Ministry of the Word
  sacrament of Confirmation. The ordination of the Laity
 

SACRAMENTS :  A History of Confirmation

Is Confirmation is the ordination of the laity

 

Is this sacrament a confirmation of faith, a pledge of sorts to God, and a sign of adulthood in the Church. Confirmation is not a celebration of what we do and God responds and it is not an event at which we confirm anything to God; it is about what God does and how we respond to God.


History of Confirmation.

Confirmation was once a part of the baptismal ritual; it took place immediately after baptism, sealing in the Holy Spirit and anointing the new Christian with a threefold ministry as priest, prophet, and king. The specific oil that is used is called chrism. It is only used in two sacraments: Confirmation and Holy Orders; both are sacraments in which the person is anointed for ministry. Therefore, Confirmation can be seen as an anointing for ministry, for work to build the kingdom of God, not graduation from church.


How did Confirmation become separated from Baptism?
Confirmation became separated from Baptism through a change in the social structure of ancient society. In the ancient world it was the bishop who performed all the duties that you might see a parish priest do today. The bishop was the one who celebrated Mass for the Christian community and led other rituals. This still holds true today, as the bishop is the “ordinary minister” of the sacraments of a geographical area, but people are so spread out that it would make it difficult for the bishop to lead the entire community in one celebration, especially in areas with a large Christian population. In the ancient world, the bishop led the only celebration of the Eucharist for that week.


Gradually bishops appointed presbyters / elders in the church to go live in the villages, preside over Eucharist, preach, and to keep in touch with him. 
However, not all parts of the Church had the same idea as to how initiation should be carried out.


The Eastern Church was concerned with maintaining the integrity of the rites of initiation. Their philosophy was that it was okay if the presbyter anointed the new Christians so that the whole ritual would be performed at once rather than doing each part a different time.

The Western Church, however, wanted to preserve the idea of initiation into a whole community, with recognition by its visible head. Therefore, the bishop was the only one who could perform the anointing. 
This is how Confirmation became a separate sacrament from Baptism in the Western Church.


Now the question is what is most important: preservation of the rite or the importance of initiation into a community and recognition by its visible head. Both sides are legitimate and are both recognized as valid by the Catholic Church. However, in the Roman Catholic Church.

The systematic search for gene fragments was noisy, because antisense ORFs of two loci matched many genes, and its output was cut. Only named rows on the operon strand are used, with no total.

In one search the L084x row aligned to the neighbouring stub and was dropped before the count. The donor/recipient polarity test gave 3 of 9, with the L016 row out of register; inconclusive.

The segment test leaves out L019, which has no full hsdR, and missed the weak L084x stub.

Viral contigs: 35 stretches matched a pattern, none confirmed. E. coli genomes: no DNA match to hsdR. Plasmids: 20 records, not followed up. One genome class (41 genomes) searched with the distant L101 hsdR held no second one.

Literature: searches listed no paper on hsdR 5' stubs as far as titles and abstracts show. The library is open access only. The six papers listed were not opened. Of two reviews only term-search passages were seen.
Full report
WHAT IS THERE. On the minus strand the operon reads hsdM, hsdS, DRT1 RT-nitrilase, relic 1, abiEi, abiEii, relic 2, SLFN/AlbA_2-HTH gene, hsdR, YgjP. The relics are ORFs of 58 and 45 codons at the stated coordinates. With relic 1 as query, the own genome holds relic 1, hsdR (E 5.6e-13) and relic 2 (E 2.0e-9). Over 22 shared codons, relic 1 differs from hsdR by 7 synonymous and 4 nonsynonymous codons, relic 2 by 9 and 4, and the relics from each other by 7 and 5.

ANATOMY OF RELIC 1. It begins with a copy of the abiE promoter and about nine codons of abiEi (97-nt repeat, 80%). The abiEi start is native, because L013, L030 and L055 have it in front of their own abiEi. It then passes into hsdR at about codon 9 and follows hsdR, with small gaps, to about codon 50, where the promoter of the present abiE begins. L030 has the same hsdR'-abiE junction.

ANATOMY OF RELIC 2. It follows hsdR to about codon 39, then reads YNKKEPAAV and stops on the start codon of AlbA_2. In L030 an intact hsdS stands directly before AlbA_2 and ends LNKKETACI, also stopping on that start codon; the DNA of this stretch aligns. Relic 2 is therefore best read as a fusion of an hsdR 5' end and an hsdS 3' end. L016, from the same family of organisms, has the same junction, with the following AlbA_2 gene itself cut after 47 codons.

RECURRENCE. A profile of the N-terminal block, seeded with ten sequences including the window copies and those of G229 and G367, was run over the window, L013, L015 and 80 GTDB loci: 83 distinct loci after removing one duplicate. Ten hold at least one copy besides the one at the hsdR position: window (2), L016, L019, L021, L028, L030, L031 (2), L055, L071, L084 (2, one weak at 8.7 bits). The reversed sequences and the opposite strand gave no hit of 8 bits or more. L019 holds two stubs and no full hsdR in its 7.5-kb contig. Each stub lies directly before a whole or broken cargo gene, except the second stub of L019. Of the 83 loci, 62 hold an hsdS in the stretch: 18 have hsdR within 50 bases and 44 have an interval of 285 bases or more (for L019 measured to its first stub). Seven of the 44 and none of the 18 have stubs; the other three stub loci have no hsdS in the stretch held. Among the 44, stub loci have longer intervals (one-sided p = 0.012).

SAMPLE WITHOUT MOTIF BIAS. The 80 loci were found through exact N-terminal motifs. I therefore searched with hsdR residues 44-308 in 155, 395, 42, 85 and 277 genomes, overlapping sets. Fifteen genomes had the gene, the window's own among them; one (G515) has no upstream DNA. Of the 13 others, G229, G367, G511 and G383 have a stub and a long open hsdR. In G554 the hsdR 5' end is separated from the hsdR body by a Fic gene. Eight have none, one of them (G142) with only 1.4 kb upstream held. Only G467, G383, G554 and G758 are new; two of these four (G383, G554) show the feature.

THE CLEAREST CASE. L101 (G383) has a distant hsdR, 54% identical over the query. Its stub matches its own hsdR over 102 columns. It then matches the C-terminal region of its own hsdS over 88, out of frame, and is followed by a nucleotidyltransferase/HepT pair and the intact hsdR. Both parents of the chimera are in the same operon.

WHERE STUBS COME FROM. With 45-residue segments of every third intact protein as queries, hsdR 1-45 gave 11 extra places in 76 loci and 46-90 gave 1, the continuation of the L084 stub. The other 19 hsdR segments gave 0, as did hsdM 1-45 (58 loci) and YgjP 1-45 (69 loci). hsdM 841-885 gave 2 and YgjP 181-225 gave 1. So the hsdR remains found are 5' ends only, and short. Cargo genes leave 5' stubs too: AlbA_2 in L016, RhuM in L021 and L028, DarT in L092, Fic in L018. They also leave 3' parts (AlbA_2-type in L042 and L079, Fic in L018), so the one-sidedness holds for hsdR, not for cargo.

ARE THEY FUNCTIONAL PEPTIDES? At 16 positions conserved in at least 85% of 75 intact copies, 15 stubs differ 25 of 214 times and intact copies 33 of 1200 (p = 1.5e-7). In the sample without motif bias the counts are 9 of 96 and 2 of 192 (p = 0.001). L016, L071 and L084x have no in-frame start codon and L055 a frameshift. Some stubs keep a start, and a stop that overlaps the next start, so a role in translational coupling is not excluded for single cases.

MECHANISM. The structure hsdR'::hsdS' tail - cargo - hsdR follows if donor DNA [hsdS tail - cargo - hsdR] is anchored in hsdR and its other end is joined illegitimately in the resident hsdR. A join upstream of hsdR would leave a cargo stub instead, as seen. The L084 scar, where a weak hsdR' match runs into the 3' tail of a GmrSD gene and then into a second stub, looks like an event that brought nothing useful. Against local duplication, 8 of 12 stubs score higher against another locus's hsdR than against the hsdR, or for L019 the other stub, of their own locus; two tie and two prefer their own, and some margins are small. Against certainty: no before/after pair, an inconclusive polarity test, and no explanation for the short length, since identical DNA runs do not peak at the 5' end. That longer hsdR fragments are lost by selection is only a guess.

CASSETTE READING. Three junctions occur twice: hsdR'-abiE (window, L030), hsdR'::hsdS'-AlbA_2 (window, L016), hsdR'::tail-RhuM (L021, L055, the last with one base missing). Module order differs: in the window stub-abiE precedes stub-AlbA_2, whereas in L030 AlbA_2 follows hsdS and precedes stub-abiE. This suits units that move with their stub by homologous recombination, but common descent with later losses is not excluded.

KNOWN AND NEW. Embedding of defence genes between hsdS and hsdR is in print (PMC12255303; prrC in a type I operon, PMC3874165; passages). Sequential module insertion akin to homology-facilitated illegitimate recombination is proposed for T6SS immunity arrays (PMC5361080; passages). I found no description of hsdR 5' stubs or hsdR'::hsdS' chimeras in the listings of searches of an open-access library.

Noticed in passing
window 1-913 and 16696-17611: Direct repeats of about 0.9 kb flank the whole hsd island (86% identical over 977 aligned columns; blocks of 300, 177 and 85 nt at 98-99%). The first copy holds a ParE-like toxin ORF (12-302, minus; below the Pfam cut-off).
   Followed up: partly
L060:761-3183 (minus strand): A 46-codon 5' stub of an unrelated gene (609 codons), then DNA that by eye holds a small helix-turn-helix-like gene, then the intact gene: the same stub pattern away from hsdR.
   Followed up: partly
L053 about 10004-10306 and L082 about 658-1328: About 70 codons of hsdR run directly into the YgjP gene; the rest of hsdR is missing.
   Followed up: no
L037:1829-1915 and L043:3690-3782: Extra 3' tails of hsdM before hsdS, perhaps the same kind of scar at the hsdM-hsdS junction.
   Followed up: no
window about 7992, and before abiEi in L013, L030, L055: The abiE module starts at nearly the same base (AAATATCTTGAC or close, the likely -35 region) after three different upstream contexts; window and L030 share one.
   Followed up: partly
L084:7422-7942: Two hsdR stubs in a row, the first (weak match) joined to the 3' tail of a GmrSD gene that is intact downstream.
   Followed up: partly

Ratramnus of Corbie, a ninth century monk argued in favor of the position of the Western Church. He said that it has to be the bishop that confirms because the bishop ordains (Holy Orders) and Confirmation is the ordination of the laity. He also said that it is the sacramental celebration of the priesthood of the people of God and the universal priesthood of the faithful.


Confirmation is not an end to religious education, but the beginning of a life in service to God.

   

 

 

Compiled by:

Anthony Custodio Fiacre DIAS

http://tonydias.page.tl/

+91 9821342681 Bombay India

tony@dias.co

 

9th April 2016

 

 

 

 

Is Confirmation the ordination of the laity

 

Is this sacrament a confirmation of faith, a pledge of sorts to God, and a sign of adulthood in the Church. Confirmation is not a celebration of what we do and God responds and it is not an event at which we confirm anything to God; it is about what God does and how we respond to God.


History of Confirmation.

Confirmation was once a part of the baptismal ritual; it took place immediately after baptism, sealing in the Holy Spirit and anointing the new Christian with a threefold ministry as priest, prophet, and king. The specific oil that is used is called chrism. It is only used in two sacraments: Confirmation and Holy Orders; both are sacraments in which the person is anointed for ministry. Therefore, Confirmation can be seen as an anointing for ministry, for work to build the kingdom of God, not graduation from church.

 

Ratramnus of Corbie, a ninth century monk argued in favor of the position of the Western Church. He said that it has to be the bishop that confirms because the bishop ordains (Holy Orders) and Confirmation is the ordination of the laity. He also said that it is the sacramental celebration of the priesthood of the people of God and the universal priesthood of the faithful.


Confirmation is not an end to religious education, but the beginning of a life in service to God.

 

 

Compiled by:

Anthony Custodio Fiacre DIAS

http://tonydias.page.tl/

+91 9821342681 Bombay India

tony@dias.co

 

9th April 2016

 

 
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